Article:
This weekend our nation celebrates Independence Day on July 4th. The day marks an important turning point in world history as the nation, no longer an English colony, began its experiment in democratic self-governance. Although there are isolated examples of democratic societies, such governance was not the dominant model for most human societies, which were lead by a monarch and/or small aristocracy. The word democracy emerges from the Greek: –demosis “the people” and –kratia: is “rule or power”. It is a reference to the complex idea of sovereignty, which is a concept that asks the questions: Where does power come from? Who has the inherent right to rule or direct human behavior? The concept of democracy was developed by thinkers such as John Locke and Thomas Hobbes in the wake of the realignment of European societies brought on by the Protestant Reformation. Certainly, we know that only God is sovereign in the fullest sense of the word, but we can ask: To whom does God bestow sovereignty in this world? In Saint Paul’s letter to the Galatians (the community located in the central region of modern day Turkey) he says, “It is for freedom that Christ has set us free.” With that we see that it is human freedom that is at the heart of God’s project of human salvation. It is out of Christ’s teachings that the notion of fundamental human dignity emerges – i.e., each human being, by virtue of being created in the image and likely of God, possess within them the fundamental right to rule and direct his or her own life. In a democracy, according to its early theorists, each human being voluntarily cedes some portion of their inherent sovereignty over to the state, in the form of elected leaders, in order that the state may direct the dimensions of human life that pertain to the good of the whole community. “Even angels would need laws concerning upon which side of the road cars would drive,” as one thinker noted. So what does this freedom mean for the Christian? What is its nature? External freedom concerns the absence of external constraints on behavior, whereas internal freedom indicates one’s self-possession and mastery of soul which allows a person to carry out the actions that they know to be right, good, and free from internal conflict. It is this second freedom to which Paul alludes. Do we possess the ability to actually carry out the action that we discern to be best or are we marked by internal contradiction which paralyzes us. Someone once remarked that “a free society exists in order that human beings may choose to carry out their responsibility.” That would seem to be the ideal. All this speaks to the need and opportunity to develop virtue - habitual patterns of rightly ordered behavior. This is true freedom where we are “no longer slaves to sin.” God did not create us puppet or automatons – rather, he gave us a freedom to choose (or reject) the good. Fundamentally, this is the freedom to love. In this way we can be in the image and likeness of God -– creatures made with the freedom that sustains the opportunity to love and to be loved. I wish you all a very happy Independence Day!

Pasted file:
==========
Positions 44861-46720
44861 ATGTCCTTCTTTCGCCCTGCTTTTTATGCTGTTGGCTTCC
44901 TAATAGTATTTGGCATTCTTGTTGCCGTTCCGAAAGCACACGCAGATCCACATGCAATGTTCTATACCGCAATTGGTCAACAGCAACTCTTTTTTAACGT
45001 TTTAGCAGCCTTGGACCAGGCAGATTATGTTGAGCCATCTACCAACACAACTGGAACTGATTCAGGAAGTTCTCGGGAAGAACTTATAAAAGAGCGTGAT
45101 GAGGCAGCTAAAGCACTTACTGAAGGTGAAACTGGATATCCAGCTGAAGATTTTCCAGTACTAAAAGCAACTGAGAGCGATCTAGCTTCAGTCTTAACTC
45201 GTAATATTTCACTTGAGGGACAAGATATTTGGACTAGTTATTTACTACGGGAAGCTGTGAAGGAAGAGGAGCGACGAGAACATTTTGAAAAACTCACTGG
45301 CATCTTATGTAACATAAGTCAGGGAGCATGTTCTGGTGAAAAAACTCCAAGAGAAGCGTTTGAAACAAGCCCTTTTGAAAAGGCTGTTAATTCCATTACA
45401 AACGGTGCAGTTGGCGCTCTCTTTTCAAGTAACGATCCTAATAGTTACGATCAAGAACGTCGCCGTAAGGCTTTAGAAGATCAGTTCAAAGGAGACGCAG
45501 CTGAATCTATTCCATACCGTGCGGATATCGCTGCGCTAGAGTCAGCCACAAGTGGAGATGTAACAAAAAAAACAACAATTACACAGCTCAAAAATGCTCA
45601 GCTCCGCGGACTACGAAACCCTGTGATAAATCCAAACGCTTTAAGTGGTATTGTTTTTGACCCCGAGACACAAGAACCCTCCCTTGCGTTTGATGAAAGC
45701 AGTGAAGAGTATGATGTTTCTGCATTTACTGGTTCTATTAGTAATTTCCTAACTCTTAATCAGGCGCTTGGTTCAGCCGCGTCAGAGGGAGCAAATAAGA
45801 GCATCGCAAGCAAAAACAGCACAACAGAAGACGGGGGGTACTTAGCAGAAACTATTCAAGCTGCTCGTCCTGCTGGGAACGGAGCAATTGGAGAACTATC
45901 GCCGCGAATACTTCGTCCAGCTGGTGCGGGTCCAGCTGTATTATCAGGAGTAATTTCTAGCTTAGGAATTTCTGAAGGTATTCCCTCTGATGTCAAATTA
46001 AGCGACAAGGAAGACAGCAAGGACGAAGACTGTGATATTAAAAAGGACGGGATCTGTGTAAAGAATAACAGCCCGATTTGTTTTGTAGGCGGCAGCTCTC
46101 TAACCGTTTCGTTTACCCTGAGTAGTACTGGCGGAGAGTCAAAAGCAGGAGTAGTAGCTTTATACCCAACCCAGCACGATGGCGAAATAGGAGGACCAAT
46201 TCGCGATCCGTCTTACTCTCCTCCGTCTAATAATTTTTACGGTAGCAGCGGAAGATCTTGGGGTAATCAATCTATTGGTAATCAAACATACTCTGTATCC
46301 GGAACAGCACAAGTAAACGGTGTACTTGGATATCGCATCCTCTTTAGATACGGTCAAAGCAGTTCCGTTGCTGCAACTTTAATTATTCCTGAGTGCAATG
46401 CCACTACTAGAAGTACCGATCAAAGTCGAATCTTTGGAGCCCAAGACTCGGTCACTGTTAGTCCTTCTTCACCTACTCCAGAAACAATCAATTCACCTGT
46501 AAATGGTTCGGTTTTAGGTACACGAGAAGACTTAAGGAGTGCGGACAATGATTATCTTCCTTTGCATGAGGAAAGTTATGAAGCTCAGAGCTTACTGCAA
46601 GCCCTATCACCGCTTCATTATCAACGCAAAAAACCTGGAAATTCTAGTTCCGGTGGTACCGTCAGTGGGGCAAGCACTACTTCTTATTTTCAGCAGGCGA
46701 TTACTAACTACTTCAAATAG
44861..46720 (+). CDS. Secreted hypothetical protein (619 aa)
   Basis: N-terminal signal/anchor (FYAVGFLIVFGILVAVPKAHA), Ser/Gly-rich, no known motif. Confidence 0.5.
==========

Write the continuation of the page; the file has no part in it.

With prayers and best wishes,
Our Lady of the Presentation Parish